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Friday Slide Show: Oyster Point Share This on LinkedIn   Share This on Google   Tweet This   Forward This

28 November 2014

We were early for an appointment one morning earlier this week in Oyster Point, so we took a walk around. Oyster Point is an industrial park in South San Francisco, designed for vehicles and cubicles not shoes and camera bags. But we had just learned of Lewis Baltz's death and thought we'd try our hand at photographing what doesn't catch the eye.

Oyster Point. Concrete and trees.

There was a little fall color, a bit past its prime. We wouldn't have bothered but we felt like the flora was a foil, part of the crime scene, so we framed a few trees. Looking back at the collection, we seemed to have an even match between the buildings and the trees.

Sight lines were the big attraction as we composed the images. Catching a backhoe at work on a dumpster, it was the alignment of the other dumpsters along an uneven concrete wall that attracted us more than the action. And the waves of weeds hitting that wall in the foreground echoed the line of red plastic flags in the distance.

The gardeners were working the same shift as we were, tending some exotic plants. We took a few close ups, cropping in even further in post production. They had a slighter warmer bias than the cooler buildings.

Several of the shots were directly into the sun. In one of them the sun actually makes an appearance. We don't usually do that. But we were shooting Raw and thought we'd see what we could do with that in Lightroom 5.7. A good deal, it turned out, bringing out detail in the shadows and recreating the feeling we had of the harsh early morning light.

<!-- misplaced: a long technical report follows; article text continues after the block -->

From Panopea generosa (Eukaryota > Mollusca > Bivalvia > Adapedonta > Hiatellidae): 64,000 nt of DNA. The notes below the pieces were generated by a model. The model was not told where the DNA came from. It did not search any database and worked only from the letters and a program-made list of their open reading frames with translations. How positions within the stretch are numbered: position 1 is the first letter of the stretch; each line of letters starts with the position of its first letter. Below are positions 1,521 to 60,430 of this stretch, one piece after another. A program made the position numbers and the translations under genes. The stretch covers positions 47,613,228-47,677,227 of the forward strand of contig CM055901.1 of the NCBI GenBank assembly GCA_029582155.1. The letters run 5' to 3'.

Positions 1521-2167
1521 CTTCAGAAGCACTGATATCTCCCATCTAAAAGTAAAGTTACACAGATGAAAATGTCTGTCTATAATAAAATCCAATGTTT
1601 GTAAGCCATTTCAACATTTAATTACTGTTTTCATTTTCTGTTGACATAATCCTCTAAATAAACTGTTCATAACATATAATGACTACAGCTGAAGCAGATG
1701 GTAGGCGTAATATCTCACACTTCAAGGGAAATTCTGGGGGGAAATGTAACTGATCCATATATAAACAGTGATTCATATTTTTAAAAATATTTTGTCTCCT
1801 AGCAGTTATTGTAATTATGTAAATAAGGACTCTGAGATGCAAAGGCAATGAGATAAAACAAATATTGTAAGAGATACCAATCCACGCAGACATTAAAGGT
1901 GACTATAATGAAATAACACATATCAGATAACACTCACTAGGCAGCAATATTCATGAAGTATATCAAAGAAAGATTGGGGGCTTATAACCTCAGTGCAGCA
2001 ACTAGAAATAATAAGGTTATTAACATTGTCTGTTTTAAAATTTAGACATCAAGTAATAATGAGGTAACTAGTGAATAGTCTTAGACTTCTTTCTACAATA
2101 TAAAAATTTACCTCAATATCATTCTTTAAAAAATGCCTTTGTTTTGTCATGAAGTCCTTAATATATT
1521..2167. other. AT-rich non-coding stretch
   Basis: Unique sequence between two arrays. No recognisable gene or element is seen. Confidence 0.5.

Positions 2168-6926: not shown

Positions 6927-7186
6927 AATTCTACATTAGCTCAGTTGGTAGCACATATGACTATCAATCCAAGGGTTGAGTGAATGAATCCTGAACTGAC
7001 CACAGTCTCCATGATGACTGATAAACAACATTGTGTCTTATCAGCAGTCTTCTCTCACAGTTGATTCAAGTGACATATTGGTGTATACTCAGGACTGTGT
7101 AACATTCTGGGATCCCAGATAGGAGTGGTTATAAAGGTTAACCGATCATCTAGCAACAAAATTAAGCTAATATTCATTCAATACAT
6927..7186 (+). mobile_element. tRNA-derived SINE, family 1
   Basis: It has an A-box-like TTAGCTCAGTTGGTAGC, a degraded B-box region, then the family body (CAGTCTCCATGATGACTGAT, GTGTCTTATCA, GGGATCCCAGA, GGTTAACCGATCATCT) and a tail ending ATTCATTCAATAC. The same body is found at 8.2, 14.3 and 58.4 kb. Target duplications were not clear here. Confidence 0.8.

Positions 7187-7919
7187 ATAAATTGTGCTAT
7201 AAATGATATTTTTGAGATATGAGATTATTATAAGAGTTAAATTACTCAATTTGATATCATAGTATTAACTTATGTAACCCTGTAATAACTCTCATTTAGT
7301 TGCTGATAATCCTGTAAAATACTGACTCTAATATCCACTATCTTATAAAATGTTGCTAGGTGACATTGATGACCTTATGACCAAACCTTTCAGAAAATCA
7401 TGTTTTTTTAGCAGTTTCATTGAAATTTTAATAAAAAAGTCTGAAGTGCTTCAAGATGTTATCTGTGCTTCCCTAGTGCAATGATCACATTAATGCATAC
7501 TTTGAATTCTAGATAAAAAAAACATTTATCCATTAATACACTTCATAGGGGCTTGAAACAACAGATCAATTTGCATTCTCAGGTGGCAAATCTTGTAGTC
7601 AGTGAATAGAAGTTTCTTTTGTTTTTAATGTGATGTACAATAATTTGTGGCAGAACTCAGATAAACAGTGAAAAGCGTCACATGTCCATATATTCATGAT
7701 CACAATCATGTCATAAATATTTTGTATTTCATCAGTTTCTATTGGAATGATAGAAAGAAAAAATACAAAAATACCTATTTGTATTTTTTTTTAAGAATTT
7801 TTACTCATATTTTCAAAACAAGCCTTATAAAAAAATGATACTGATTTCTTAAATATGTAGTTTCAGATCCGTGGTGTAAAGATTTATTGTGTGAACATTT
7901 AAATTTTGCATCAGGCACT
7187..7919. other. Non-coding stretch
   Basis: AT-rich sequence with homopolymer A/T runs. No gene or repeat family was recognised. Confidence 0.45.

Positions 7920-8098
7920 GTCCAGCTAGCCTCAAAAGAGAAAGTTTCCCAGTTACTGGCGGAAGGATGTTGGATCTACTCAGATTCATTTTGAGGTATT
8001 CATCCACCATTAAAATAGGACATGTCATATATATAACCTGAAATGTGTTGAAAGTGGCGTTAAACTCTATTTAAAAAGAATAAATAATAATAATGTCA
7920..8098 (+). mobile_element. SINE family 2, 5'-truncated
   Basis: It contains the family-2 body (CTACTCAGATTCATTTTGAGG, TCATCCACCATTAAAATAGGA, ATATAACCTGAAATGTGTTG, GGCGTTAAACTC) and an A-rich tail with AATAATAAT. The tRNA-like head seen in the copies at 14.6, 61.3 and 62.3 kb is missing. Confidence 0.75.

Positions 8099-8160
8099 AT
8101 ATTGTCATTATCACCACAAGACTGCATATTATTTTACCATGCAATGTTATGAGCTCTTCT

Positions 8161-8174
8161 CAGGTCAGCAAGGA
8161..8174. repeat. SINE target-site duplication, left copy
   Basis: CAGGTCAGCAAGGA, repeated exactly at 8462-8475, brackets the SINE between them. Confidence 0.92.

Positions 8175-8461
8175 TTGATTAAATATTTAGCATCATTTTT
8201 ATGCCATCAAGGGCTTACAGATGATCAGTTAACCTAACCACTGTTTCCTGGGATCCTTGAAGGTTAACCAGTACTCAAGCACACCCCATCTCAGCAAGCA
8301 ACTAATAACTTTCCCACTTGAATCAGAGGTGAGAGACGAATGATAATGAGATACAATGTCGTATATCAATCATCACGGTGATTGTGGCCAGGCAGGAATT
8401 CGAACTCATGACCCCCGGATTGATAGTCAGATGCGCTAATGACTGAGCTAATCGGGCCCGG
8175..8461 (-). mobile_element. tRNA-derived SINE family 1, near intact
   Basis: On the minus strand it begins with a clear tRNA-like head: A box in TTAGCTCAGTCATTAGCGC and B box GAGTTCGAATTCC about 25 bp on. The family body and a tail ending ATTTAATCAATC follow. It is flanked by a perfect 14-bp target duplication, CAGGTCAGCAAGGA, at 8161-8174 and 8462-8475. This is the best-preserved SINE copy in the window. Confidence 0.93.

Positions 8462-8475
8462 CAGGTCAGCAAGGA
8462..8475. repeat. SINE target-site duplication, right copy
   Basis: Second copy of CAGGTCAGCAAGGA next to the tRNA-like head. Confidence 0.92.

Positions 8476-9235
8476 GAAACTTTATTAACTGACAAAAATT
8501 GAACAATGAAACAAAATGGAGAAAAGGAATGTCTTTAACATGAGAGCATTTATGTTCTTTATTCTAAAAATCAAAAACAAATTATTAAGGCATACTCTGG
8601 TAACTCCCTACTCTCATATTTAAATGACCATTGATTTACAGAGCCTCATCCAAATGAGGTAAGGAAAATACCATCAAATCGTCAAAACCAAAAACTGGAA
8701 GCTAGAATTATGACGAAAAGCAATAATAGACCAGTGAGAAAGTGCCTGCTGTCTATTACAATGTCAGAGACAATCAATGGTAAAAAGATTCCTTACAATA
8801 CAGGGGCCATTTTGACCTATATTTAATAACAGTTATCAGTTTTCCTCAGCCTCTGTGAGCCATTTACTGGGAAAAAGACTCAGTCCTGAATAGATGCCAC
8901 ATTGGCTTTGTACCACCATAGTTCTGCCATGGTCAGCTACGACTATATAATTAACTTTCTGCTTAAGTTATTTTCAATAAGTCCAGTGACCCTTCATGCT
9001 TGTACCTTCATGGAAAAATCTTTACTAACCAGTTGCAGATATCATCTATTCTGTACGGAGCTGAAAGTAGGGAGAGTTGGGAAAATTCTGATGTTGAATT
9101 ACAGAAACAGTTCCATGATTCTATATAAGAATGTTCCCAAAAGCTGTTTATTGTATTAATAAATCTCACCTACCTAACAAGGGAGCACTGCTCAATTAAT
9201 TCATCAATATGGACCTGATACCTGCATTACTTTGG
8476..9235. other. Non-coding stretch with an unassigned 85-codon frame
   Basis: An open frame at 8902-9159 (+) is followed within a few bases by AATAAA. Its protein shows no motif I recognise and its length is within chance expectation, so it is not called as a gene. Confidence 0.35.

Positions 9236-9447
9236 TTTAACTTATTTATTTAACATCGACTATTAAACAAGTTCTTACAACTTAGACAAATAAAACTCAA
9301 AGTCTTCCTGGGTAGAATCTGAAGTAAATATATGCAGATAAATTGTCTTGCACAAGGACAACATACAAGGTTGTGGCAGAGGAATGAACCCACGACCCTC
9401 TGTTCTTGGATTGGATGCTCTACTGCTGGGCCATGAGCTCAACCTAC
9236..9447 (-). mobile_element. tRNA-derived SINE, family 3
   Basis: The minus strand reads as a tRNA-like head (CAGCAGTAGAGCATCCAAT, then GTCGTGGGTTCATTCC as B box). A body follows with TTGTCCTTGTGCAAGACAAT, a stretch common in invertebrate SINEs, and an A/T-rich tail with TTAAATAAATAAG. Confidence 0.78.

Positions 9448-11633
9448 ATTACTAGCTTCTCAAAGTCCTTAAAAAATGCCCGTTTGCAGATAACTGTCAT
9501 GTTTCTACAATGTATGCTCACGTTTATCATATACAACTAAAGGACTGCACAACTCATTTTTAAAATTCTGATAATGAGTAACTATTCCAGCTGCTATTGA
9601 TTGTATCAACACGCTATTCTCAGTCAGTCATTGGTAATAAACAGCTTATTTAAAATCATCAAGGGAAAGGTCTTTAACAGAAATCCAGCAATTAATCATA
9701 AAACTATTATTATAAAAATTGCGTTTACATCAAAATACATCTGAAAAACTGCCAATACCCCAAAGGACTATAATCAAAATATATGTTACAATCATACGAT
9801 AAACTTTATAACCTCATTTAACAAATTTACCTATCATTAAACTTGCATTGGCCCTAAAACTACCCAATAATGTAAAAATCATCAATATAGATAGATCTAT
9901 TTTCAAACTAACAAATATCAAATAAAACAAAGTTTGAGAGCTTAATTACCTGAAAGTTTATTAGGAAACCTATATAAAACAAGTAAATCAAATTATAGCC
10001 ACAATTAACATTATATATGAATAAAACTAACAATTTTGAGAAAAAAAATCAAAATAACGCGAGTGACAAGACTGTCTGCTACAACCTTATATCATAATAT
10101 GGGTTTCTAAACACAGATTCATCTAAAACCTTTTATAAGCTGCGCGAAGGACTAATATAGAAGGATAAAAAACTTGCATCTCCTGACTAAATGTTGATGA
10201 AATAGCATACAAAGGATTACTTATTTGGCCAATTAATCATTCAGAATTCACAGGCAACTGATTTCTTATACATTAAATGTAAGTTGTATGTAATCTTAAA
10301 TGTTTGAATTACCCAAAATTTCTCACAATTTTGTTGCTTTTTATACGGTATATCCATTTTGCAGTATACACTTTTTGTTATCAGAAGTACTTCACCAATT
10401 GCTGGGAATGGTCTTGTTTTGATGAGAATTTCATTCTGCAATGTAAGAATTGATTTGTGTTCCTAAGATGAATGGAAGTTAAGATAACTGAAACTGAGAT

There is some glare in those. And while we were sorely tempted to open them in OpticsPro 10 just to knock out the glare, we didn't. Because, well, there was glare.

Not just the gardeners were out, though. At a printing plant, gondolas and cans of paper waste were being recycled. There was quite a bit of it, which cheered us. Printing plants have been closing left and right so it was nice to see one not just in business but busy with three shifts six days a week.

We hardly walked around the corner before it was time to retrace our steps. There's a great deal more to Oyster Point than we're showing but there was enough in our field of view to play Baltz for 15 minutes.

Not the depressing desolation and devious machinations of Baltz's world, no. Nor a black and white world. But one of dried and fallen leaves on manicured lawns surrounding concrete and glass buildings where the work of the world was going on.

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